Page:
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Drop in giving has ramifications for all kinds of South African entities that rely on donor grants to survive

Recently Nedbank Private Wealth brought out the fifth edition of The Giving Report (2022) which provides the results of a 2021 survey on the giving practices of high-net-worth individuals (HNWIs) in South Africa. To qualify as a HNWI, participants required earnings in excess of R1.5-million a year or owned investable assets of more than R5-million, excluding their primary residence – 409 HNWIs took part in the survey, but only 4% reported their annual income as exceeding R5-million.  

Most favoured areas of focus for individual givers included social and community development, religious institutions, education, animal welfare and health. Only 3% of funding went to environmental causes and nothing went to arts and culture or the promotion of democracy and good governance. This is an interesting outcome as it indicates that people are not looking at systemic issues such as climate change or bad governance and corruption, but prefer to deal with the symptoms of both.  

The report did not indicate the size of donations, but did provide information on how often people donated. This did not provide real clarity as some people indicated giving more than 50 times a year and 40% gave to individuals unrelated to themselves. This could be giving to car guards, people at traffic lights and people collecting funds door-to-door, and might show how much goodwill exists if there was clarity on this data.

While most of it appeared to be good news, one quite shocking figure emerged that could have ramifications for all kinds of entities that rely on donor grants for their survival. The assessed cash amount donated from HNWIs dropped substantially from R6.1-billion in 2018 to R4.2-billion in 2021. Similarly, the amount donated in goods and services dropped from R3.1-billion in 2018 to R2.6-billion in 2021. This happened at a time when the number of HNWIs in South Africa had grown from 135,700 in 2018 to 147,836 in 2021, and therefore giving should have increased somewhat.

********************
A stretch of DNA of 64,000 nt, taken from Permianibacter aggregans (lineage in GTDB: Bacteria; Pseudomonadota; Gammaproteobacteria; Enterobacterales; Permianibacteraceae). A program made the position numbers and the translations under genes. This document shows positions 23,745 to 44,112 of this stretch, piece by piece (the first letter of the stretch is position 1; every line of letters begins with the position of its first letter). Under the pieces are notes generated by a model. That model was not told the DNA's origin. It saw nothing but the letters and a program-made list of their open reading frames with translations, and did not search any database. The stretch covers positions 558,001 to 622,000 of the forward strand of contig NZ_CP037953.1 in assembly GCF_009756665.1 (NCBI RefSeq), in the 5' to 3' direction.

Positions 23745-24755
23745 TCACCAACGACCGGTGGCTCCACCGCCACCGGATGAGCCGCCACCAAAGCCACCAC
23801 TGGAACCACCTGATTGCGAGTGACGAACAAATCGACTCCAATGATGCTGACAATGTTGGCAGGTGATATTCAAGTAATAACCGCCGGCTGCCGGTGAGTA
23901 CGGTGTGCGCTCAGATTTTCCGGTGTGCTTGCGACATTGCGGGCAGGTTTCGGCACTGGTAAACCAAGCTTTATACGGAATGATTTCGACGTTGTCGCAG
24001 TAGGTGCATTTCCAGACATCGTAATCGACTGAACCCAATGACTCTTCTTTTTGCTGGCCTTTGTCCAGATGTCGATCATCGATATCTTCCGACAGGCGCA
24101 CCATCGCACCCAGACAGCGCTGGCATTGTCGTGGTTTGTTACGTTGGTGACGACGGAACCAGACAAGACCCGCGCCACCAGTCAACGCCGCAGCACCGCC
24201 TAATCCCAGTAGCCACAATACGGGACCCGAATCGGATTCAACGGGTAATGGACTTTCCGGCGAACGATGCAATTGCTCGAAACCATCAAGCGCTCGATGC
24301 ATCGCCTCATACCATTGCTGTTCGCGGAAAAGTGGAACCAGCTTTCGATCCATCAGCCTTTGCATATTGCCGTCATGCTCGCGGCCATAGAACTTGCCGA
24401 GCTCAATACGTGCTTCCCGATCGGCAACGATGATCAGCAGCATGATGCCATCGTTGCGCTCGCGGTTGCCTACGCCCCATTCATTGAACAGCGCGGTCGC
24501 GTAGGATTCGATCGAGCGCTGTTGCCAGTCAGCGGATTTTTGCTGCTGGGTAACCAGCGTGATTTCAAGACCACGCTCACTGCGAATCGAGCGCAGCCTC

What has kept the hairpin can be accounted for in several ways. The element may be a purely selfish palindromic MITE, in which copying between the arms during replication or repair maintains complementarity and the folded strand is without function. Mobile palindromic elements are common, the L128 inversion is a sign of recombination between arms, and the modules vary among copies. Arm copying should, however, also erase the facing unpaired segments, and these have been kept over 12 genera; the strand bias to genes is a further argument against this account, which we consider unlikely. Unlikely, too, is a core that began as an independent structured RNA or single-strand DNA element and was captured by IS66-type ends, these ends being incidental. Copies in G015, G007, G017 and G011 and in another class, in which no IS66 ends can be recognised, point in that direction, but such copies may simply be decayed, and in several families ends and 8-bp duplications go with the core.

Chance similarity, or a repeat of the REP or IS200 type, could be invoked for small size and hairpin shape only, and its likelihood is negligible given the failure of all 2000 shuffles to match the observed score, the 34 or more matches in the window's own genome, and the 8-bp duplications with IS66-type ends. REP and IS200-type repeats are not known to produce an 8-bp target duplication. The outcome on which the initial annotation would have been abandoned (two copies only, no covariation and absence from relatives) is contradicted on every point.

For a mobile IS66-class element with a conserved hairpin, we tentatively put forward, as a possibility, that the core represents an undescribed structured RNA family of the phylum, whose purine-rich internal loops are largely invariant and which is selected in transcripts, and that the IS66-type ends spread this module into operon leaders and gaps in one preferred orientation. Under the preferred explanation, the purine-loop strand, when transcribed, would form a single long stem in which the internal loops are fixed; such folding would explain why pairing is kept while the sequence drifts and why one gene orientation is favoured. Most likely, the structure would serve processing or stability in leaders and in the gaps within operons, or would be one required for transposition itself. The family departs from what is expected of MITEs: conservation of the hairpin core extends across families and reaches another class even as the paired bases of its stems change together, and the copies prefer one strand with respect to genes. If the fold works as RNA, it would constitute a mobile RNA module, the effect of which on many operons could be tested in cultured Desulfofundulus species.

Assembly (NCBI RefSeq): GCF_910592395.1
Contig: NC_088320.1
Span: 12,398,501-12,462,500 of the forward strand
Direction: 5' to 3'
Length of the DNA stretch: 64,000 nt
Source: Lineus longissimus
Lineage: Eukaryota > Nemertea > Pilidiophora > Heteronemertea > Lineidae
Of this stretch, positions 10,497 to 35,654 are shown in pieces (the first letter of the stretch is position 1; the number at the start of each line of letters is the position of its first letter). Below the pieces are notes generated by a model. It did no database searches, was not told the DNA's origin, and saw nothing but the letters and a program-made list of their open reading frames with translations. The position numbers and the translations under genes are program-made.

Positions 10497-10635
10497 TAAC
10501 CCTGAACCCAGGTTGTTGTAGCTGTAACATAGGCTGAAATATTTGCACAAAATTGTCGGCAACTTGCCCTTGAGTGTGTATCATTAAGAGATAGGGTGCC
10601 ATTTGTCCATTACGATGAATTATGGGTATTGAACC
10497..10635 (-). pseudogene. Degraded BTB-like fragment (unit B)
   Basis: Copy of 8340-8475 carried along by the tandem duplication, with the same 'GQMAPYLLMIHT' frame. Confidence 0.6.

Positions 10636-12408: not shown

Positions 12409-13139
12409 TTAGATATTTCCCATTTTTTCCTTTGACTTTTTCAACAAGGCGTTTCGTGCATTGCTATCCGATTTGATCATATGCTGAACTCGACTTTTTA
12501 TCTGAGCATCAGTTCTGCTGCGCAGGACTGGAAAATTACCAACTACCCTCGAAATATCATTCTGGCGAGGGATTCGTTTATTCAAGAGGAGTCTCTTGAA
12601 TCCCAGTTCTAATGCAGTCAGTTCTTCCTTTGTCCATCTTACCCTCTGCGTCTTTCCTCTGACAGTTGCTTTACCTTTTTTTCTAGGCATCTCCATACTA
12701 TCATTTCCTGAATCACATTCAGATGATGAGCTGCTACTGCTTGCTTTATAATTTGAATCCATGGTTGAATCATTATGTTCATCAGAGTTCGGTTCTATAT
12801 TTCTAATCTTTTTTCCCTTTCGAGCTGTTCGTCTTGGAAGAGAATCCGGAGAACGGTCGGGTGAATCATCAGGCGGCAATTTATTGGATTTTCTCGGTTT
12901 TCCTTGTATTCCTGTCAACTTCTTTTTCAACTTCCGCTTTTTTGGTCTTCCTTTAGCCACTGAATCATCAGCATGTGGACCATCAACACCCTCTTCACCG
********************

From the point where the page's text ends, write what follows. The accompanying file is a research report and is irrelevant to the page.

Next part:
Yes, Covid-19 took its toll on everyone in the country and businesses and incomes decreased. Millions of people dropped out of “middle-class” ratings into poverty. Yet, generally HNWIs were not hit as hard, with 70% of respondents indicating they were still financially secure or even more secure, while 20% were less financially secure. A 30% decrease seems quite remarkable, at a time when people were pouring money into Covid-19 causes such as the Solidarity Fund, into neighbourhood CANS, into Gift of the Givers and other organisations providing relief.  

How does one make sense of these numbers and the outpouring of money during the pandemic that might counter the figures? We should perhaps recognise that money from individuals who supported the Solidarity Fund and other entities during Covid came from large numbers of non-HNWIs making their contributions. There has always been the view that the poor are more philanthropic than the rich in terms of the contributions they make as a percentage of their income. In an article in the 2020 IPASA Annual Review of South African Philanthropy, Leila Davids wrote about the Solidarity Fund. She explained that 300,000 individuals made direct contributions to the fund through its website and crowdfunding channels; at supermarket tills across the country including in some of the poorest areas of the country where people made small donations at Shoprite. As an example, she mentioned the residents of Mafikeng who alone raised R1.6-million through Shoprite. The average donation through crowdfunding was R42 and donations through the website averaged R4,300.